IEA outlines 'four pillars' for success of climate talks

15 June 2015

The International Energy Agency (IEA) said today that a peak in global energy-related emissions could be achieved as early as 2020 and at no net economic cost, as one of four "key pillars" it believes are needed "to make the upcoming UN climate talks a success, from an energy perspective". Those talks - the 21st UN Conference of the Parties (COP21) - take place in Paris in December.

The IEA outlined the four pillars in its World Energy Outlook Special Report on Energy and Climate Change published today. The other pillars are: to review national climate targets regularly; to translate the world's climate goal into a collective long-term emissions goal; and to establish a process for tracking achievements in the energy sector.

"World greenhouse gas emissions from energy production and use are double the level of all other sources combined, meaning that action to combat climate change must come first and foremost from the energy sector," the Paris-based agency said.

IEA Executive Director Maria van der Hoeven said the IEA's analysis had repeatedly shown that the cost and difficulty of mitigating greenhouse gas emissions increases every year, meaning "time is of the essence".

"It is clear that the energy sector must play a critical role if efforts to reduce emissions are to succeed. While we see growing consensus among countries that it is time to act, we must ensure that the steps taken are adequate and that the commitments made are kept," she said.

The report states that nuclear power is the second-biggest source of low-carbon electricity, adding that in the last few years almost half of all new reactor units have been built in countries with de-regulated electricity markets or with state-owned companies building, operating and owing them. China had 28 GWe of new nuclear power capacity under construction at the end of last year and could have more nuclear capacity than the current global leader, the USA, by 2030, according to the report.

Four pillars

Of its second pillar, a five-year review cycle to test the scope for further action, the IEA said: "the world's shrinking 'carbon budget' means that any delay in taking action can be costly, while the pace of energy sector innovation means that a five-year review would allow national targets to keep up with events and help build investor confidence."

In its third pillar, the IEA recommends that the goal of keeping the increase in long-term average global temperatures to below two degrees Celsius also be expressed as a long-term greenhouse gas emissions target, "making it more straightforward to apply in the energy sector". This would "help anchor future expectations, guide investment decisions, provide an incentive to develop new technologies, drive needed market reforms and spur the implementation of strong domestic policies, such as carbon pricing - all of which are necessary to meet the two degrees Celsius goal," it said.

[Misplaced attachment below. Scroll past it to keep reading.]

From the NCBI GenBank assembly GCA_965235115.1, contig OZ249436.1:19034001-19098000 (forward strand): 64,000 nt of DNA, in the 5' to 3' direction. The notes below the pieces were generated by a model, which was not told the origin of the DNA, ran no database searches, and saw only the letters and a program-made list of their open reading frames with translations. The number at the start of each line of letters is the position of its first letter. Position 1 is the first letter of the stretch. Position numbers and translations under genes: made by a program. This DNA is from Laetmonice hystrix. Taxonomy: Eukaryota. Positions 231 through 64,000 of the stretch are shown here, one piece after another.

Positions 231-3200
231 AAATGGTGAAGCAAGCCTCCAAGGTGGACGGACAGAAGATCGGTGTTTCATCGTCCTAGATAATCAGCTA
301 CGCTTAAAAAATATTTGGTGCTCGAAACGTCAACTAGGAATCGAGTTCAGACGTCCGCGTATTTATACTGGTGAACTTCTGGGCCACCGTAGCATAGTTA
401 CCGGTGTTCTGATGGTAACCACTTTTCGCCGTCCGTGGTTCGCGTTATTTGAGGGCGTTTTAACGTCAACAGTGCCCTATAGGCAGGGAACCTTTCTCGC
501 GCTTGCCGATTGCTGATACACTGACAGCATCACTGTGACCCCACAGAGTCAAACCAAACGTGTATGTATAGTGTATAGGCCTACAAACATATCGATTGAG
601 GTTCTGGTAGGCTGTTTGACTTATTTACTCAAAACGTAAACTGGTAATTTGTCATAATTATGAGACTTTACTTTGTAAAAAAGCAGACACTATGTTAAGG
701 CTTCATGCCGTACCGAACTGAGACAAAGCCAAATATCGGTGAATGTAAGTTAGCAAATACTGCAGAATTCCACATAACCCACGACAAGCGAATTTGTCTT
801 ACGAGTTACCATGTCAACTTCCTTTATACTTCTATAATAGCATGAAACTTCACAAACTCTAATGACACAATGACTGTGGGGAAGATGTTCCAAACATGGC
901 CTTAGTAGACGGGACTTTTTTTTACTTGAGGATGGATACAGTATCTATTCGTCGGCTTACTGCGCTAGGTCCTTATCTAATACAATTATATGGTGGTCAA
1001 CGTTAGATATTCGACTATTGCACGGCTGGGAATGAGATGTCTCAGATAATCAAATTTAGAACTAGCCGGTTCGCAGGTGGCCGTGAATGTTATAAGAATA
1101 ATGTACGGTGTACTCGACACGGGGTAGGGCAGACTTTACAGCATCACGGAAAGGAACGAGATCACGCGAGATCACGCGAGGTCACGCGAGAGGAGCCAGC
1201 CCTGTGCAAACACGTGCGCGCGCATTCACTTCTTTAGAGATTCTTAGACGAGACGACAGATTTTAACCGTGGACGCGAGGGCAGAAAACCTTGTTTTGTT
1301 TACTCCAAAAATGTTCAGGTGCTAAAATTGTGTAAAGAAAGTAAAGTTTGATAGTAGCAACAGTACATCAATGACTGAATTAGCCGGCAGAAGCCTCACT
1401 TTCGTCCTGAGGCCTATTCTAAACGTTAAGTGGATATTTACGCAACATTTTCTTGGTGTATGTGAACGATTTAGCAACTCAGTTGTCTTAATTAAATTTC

The final pillar, that the COP21 agreement establishes a strong process for tracking progress in the energy sector, "would both provide clear evidence of results, reassuring the international community that others are acting diligently, and identify countries that are struggling with implementation, enabling assistance to be provided if needed," the IEA said. The new report sets out metrics to monitor energy sector decarbonisation, it added.

Collectively, countries accounting for around two-thirds of global energy-related emissions have either formally submitted their climate pledges for COP21 or have signalled their possible content. "A first assessment reveals these pledges will have a positive impact on future energy trends, but fall short of the major course correction required to meet the two degrees Celsius goal," the IEA said.

These pledges show that the growth in global energy-related emissions slows but does not peak by 2030, it added. The economy grows by 88% from 2013 to 2030 and energy-related carbon dioxide emissions by 8%.

According to the IEA's 'bridge scenario', a peak in global energy-related emissions could be achieved as early as 2020 if governments implement five key policy measures. These are: increasing energy efficiency in the industry, buildings and transport sectors; reducing the use of the least-efficient coal-fired power plants and banning their construction; increasing investment in renewable energy technologies in the power sector from $270 billion in 2014 to $400 billion in 2030; gradual phasing out of fossil-fuel subsidies to end-users by 2030; reducing methane emissions in oil and gas production.

Renewables are the leading source of electricity by 2030, according to the report, but inefficient coal-fired power generation capacity declines only slightly.

"Such findings underline the need for ambitious national pledges for COP21 that can act as a solid base upon which to build stronger action, such as those enabled by a transfer of resources (technology or finance)," the IEA said.

Researched and written
by World Nuclear News